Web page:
Symbolic memory involves memorizing the names of the notes. As an exercise, say aloud and from memory the names of all the notes in your piece. This is not as pointless as it sounds. Reading music is partially an unconscious process. Naming the notes makes the process conscious and solidifies the connection between a written note, a sound, and how we produce the sound (a given fingering and embouchure placement).

Analytic memory involves musical analysis. What scales are used? What intervals are prevalent? Are there recurring melodic and/or rhythmic motifs? In what key is the piece written? Does it modulate? What is the form of the piece? Are there any repetitions or sequences? If so, what changes? How long are the phrases? How do the phrases relate to each other?

If you must memorize a piece, start well before the performance. Each day, memorize only a phrase or small section at a time. When you add new sections, make sure you know how they relate to previously memorized material.

Continuity is important in memorizing music. “To memorize anything, the only possible process is to bring the something you wish to memorize into some form of connexion, progression, or sequence of thought…successfully to make use of the memory-connexions thus stored in our mind, we must (during performance) allow the thing present (the thing realized at the moment) to suggest the thing which is to follow on.” [Matthay, On Memorizing and Playing from Memory, 4-5.] Here is an exercise to reinforce this feeling of continuity: reading from your music, record the entire piece. Then close your music, play back your recording, and play along by memory. If you trip up, the ongoing music will spur you on. Of course, you can do this exercise along with someone else’s recording, but in this case, you have to conform to the other flutist’s tempo, intonation, and phrasing, which may not be desirable.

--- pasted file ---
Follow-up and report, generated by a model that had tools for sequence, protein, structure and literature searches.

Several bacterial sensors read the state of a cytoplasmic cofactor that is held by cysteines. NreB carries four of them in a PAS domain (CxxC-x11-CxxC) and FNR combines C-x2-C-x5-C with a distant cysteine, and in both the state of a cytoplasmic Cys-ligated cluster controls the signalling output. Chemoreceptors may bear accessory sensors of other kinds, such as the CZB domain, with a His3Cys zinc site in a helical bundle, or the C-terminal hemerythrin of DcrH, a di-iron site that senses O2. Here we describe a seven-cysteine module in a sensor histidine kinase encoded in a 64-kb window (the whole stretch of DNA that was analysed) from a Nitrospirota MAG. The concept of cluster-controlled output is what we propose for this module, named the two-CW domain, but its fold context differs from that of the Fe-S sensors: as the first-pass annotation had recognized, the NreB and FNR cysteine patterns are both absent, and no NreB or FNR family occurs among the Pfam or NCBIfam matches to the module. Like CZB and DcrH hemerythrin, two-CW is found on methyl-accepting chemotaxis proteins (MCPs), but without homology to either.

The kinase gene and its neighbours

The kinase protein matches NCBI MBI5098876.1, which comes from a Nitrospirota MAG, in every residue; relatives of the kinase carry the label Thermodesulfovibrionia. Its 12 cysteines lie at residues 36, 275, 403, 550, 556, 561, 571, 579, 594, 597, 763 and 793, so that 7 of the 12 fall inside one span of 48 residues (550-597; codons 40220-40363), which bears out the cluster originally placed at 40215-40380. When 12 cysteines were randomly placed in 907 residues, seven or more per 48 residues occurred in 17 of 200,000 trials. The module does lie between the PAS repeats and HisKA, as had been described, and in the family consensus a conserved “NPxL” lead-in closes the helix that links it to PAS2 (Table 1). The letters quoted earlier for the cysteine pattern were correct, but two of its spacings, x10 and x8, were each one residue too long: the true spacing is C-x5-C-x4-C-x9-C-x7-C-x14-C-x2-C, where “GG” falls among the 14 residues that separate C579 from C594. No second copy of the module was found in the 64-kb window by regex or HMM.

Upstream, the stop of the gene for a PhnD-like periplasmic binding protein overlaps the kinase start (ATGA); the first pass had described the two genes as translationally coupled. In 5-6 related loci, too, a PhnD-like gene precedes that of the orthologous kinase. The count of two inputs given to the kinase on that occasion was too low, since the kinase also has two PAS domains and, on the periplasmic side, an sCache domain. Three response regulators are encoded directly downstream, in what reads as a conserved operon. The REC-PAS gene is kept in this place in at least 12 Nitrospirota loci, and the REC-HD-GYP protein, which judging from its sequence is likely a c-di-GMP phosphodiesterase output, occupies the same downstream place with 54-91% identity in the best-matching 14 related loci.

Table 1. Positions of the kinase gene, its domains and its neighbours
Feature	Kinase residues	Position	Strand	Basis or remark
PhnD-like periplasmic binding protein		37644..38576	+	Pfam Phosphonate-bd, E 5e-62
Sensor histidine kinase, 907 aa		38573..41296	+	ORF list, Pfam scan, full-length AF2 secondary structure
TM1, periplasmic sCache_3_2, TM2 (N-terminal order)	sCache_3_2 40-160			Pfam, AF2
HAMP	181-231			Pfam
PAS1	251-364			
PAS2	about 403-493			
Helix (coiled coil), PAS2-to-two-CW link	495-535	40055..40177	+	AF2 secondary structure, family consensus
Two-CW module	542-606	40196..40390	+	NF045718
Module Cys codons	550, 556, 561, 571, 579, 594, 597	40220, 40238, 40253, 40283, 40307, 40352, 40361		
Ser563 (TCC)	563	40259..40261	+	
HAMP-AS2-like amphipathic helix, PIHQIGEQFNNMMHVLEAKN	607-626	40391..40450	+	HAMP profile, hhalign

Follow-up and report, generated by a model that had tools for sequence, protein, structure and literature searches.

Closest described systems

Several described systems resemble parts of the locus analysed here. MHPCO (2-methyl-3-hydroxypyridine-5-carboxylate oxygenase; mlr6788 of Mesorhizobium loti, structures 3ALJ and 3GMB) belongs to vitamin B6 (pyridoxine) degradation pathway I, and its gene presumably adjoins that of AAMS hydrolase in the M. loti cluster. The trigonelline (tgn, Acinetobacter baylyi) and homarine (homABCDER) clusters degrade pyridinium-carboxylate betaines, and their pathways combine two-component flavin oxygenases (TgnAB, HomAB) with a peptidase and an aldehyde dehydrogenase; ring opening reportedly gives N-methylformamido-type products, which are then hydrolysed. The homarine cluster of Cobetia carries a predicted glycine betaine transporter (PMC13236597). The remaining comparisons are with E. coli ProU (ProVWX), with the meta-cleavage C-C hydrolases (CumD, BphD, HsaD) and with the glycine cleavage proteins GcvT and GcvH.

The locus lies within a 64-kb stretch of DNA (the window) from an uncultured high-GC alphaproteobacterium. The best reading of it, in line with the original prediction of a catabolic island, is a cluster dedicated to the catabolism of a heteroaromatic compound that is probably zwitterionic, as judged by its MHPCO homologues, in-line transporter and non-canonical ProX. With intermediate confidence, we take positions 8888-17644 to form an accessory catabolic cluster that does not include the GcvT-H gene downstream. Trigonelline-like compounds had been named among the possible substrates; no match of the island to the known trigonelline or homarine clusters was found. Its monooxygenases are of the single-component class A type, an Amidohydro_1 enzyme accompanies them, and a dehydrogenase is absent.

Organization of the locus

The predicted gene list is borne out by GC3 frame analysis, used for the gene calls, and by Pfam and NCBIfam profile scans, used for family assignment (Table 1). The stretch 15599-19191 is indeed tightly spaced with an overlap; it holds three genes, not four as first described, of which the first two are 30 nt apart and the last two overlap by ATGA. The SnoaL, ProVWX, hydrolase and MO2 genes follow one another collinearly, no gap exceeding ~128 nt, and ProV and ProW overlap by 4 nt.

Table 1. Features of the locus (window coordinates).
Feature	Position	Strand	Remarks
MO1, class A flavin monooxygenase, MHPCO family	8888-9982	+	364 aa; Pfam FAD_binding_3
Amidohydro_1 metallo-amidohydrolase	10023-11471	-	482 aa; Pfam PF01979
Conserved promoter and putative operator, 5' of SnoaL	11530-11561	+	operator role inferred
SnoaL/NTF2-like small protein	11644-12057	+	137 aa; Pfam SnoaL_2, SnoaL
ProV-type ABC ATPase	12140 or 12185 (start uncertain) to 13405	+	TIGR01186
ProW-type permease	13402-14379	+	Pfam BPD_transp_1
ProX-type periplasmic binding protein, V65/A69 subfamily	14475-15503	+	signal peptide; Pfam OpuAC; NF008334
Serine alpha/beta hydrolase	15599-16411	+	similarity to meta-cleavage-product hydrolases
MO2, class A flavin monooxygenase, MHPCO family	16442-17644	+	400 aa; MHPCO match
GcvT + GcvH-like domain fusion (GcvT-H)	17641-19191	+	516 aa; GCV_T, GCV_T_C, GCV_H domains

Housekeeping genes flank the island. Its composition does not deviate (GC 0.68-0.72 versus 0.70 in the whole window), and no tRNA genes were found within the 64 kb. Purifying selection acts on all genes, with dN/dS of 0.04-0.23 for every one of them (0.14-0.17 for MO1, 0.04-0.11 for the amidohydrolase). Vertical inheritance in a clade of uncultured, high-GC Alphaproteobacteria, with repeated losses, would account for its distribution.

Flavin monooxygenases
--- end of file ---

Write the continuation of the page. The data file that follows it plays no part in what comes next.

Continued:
However, some students only develop a linear memory. They have to start at the beginning and go to the end, and if this line is broken, they can’t go on. Don’t always start at the beginning. Challenge yourself to start at any point in the piece. If you have a momentary lapse during performance, you can always get back on track.

Employing these various strategies, you can avoid disastrous performances. Like any other technique, memorization benefits from experience. Start now!

For Further Reading:
Agay, Denes. “Memorization and Performing from Memory,” chapter from Teaching Piano: A Comprehensive Guide and Reference Book for the Instructor. New York: Yorktown Music Press, 1981.
Matthay, Tobias. On Memorizing and Playing from Memory. New York: Oxford University Press, 1926.
Rawlins, Robert. “Musical Memory Skills,” The Flutist Quarterly XX/3 (Spring 1995): 51-53.
Sadie, Stanley, ed. The New Grove Dictionary of Music and Musicians. London: Macmillan, 1980. s.v. “Psychology of Music,” by Natasha Spender.